The internet has forever changed the way that people shop and browse for items. Amazon has become the second largest employer in the United States (shadowed only by Walmart) and currently has more members belonging to their “PRIME” service than Costco has overall. Amazon is frequently used as both a shopping resource and a catalog where consumers can research items that they are planning to purchase in stores. Unfortunately, Amazon also has a dark side due to the illegal practices of scammers.

Shopping online, scams, and prevention

Virtual shopping has many benefits, however, there are also some downsides.

One of the biggest problems facing most e-commerce sites, by far, is the seemingly endless barrage from the so-called “grey market” which sells used goods as new, offers stolen products which are not meant for sale in the USA, and even--at times--list counterfeit goods and services in the guise of legitimate businesses. Such practices subsequently sully the names of the authentic brand-name companies and hurt sales. In extreme cases (such as an incident where a major criminal element was uncovered laundering stolen headsets) these scams even endanger the health and well-being of consumers. Unfortunately, online marketplaces provide an outlet for some of the most unscrupulous behavior.

Counterfeiting is an especially serious problem online.

While about seven percent of brick and mortar retail stores have to deal with the antics of copycats, approximately sixteen percent of online stores encounter such issues. Amazon is an especially tempting target for unsavory business practices since it is often difficult for Amazon staff--despite their best efforts--to determine which sellers are legitimate and which are not.

Fred Dimyan, with a background in technology and financial markets, experienced the perils of counterfeiters first-hand when he owned and operated a store on Amazon that sold consumer electronics other goods. Realizing there was a massive need in the market to prevent scams and con artists from hurting sellers, Fred made it his mission to start a company that would protect brands and honest businesses who operated in an e-commerce space; namely, Amazon.

Hence, in 2014, “Potoo” was established.

“The name comes from a bird which is native to the Amazon region and is vital to its eco-system,” Fred recently explained via an exclusive phone interview. “Since we started the company to help Amazon sellers after we saw a massive need for this kind of service, we thought the name fit perfectly.”

Fred described Potoo as a company that specializes in defense marketing and data. Specifically, they ensure that over 1,000 brands on Amazon are running smoothly. This includes assessing resellers and shutting down counterfeit operations via an online dashboard--which they designed--that helps them monitor, access, clean, and report on activities that are happening in the stores that they monitor.

We help manufacturers sellers by identifying bad behavior behind the scenes,” Fred stated. “When we find questionable behavior, we sometimes call the seller out on their behavior. If they continue we with the manufacturer and Amazon and provide them enough data to shut them down.”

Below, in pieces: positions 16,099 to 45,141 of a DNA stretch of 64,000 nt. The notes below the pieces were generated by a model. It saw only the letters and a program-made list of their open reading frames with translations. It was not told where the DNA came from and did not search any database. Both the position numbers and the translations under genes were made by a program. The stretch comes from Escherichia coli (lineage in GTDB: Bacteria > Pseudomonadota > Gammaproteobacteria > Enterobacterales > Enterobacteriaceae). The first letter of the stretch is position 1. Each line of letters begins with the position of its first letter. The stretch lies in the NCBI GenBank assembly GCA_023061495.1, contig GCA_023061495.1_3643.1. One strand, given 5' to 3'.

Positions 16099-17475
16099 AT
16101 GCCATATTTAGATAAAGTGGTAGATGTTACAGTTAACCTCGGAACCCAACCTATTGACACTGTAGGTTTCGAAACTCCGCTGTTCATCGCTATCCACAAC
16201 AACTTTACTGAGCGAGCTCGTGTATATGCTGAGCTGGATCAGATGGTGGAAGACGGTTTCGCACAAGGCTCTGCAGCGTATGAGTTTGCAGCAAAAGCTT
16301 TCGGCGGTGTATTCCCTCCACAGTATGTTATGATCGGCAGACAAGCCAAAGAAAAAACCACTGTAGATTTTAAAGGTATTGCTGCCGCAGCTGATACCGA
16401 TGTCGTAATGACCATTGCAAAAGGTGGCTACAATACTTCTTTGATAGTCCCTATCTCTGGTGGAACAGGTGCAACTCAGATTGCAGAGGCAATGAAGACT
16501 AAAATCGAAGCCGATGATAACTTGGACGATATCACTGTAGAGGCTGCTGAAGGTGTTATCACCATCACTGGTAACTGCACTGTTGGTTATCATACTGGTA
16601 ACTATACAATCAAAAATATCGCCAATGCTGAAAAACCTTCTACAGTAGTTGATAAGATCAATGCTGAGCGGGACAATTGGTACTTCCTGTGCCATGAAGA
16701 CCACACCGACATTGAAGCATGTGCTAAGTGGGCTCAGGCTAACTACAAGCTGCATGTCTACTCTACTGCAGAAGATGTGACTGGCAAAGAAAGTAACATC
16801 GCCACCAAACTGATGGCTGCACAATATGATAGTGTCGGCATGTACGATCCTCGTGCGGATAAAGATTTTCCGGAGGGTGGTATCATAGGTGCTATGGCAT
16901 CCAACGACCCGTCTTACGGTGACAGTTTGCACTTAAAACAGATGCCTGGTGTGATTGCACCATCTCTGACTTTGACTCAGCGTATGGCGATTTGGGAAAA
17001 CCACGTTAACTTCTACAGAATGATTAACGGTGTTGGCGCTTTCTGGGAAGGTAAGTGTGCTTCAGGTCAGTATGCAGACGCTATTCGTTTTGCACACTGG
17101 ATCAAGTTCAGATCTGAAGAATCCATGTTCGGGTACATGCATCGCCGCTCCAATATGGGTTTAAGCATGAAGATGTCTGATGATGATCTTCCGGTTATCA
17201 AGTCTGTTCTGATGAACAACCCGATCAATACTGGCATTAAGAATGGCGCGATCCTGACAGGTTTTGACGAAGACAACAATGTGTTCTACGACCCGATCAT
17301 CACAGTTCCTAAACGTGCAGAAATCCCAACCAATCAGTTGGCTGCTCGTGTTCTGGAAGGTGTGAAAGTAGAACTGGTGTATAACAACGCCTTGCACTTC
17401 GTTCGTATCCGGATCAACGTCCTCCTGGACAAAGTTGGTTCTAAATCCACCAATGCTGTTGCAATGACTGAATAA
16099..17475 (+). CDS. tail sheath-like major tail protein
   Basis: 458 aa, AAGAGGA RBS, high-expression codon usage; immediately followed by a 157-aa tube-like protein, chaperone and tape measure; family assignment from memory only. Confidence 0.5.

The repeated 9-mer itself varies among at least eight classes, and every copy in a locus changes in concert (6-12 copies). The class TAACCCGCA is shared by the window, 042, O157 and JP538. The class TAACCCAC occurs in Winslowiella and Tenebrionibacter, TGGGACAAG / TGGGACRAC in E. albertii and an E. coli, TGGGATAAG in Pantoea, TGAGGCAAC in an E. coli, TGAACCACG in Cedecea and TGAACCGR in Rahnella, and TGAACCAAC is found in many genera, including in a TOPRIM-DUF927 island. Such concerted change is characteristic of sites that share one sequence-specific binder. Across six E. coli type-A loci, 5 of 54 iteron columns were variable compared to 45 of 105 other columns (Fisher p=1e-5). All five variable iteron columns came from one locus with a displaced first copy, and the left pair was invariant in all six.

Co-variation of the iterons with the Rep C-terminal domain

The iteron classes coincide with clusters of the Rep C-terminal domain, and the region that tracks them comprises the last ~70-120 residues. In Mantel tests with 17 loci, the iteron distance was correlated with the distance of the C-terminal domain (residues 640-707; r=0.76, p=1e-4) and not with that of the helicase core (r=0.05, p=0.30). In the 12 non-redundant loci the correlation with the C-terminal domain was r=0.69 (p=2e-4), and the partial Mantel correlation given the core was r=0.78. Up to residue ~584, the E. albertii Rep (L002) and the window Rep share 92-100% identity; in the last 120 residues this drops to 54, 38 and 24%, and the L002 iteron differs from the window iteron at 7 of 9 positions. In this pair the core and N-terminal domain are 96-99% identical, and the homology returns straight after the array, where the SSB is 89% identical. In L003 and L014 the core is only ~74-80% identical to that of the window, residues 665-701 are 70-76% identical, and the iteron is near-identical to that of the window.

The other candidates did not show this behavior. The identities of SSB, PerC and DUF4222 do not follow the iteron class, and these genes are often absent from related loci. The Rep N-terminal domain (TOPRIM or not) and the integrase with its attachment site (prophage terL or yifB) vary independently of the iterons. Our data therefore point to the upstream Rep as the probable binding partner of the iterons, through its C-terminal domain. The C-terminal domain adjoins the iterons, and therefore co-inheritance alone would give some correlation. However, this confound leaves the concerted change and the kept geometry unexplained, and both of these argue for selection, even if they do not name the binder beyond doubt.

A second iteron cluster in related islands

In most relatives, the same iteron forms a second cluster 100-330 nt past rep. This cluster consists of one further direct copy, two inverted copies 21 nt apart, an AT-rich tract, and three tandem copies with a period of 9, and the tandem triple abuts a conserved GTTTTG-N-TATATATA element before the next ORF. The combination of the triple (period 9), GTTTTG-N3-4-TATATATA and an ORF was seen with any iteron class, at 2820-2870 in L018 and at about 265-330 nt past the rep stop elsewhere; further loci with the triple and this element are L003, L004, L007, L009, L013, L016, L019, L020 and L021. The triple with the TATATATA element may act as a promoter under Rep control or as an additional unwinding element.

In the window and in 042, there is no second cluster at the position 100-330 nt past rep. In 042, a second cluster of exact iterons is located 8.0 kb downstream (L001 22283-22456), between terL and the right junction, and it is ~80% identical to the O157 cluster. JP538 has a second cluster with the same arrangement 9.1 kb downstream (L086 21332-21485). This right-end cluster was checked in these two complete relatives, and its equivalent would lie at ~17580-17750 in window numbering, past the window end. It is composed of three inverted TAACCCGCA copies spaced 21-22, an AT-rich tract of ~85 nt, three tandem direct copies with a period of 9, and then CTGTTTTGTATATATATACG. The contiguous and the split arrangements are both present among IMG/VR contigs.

Clients, services, and opportunity

Potoo’s first client was a consumer electronics company whose sales on Amazon were being impacted by fraudulent sellers. As soon as the Potoo technology was implemented, the store was able to gain control over the problem and ratings and profits subsequently rose steadily. Dozens of referrals came from that first client’s success.

“Our client list grew very quickly,” Fred proclaimed.

“In the first two years alone, we grew 1,700 percent and most of our clients were recommended to us by other satisfied customers. That speaks for itself about the quality of our services.”

As of November 2017, Potoo has evolved to operate in eight different countries. In addition to Amazon, they also monitor the websites of Jetcom, eBay, and Walmart. They anticipate a 500 percent growth in 2018 and are actively planning to implement more additional services. These services will likely include review alerts and gauging how prices on Amazon compare and influence list prices on other platforms. Fred also stressed that Potoo strongly values constructive feedback and expands their services organically based on the needs of their clients.

“Probably the biggest challenge we face is when manufacturers say that they do not like Amazon because they feel they have no options and this is just the new reality of e-commerce,” Fred stated. “Some manufacturers feel like they simply have no control. We try to explain that sellers can gain control and we can help them do that. I like to say that Amazon is like a scalpel, it can cut hurt you, but it can also save your life in the right hands. The goal of Potoo is to make Amazon--and other online marketplaces--positive spaces for sellers. We aim to make clients understand that they can gain back control and start viewing Amazon as an opportunity rather than an obstacle.”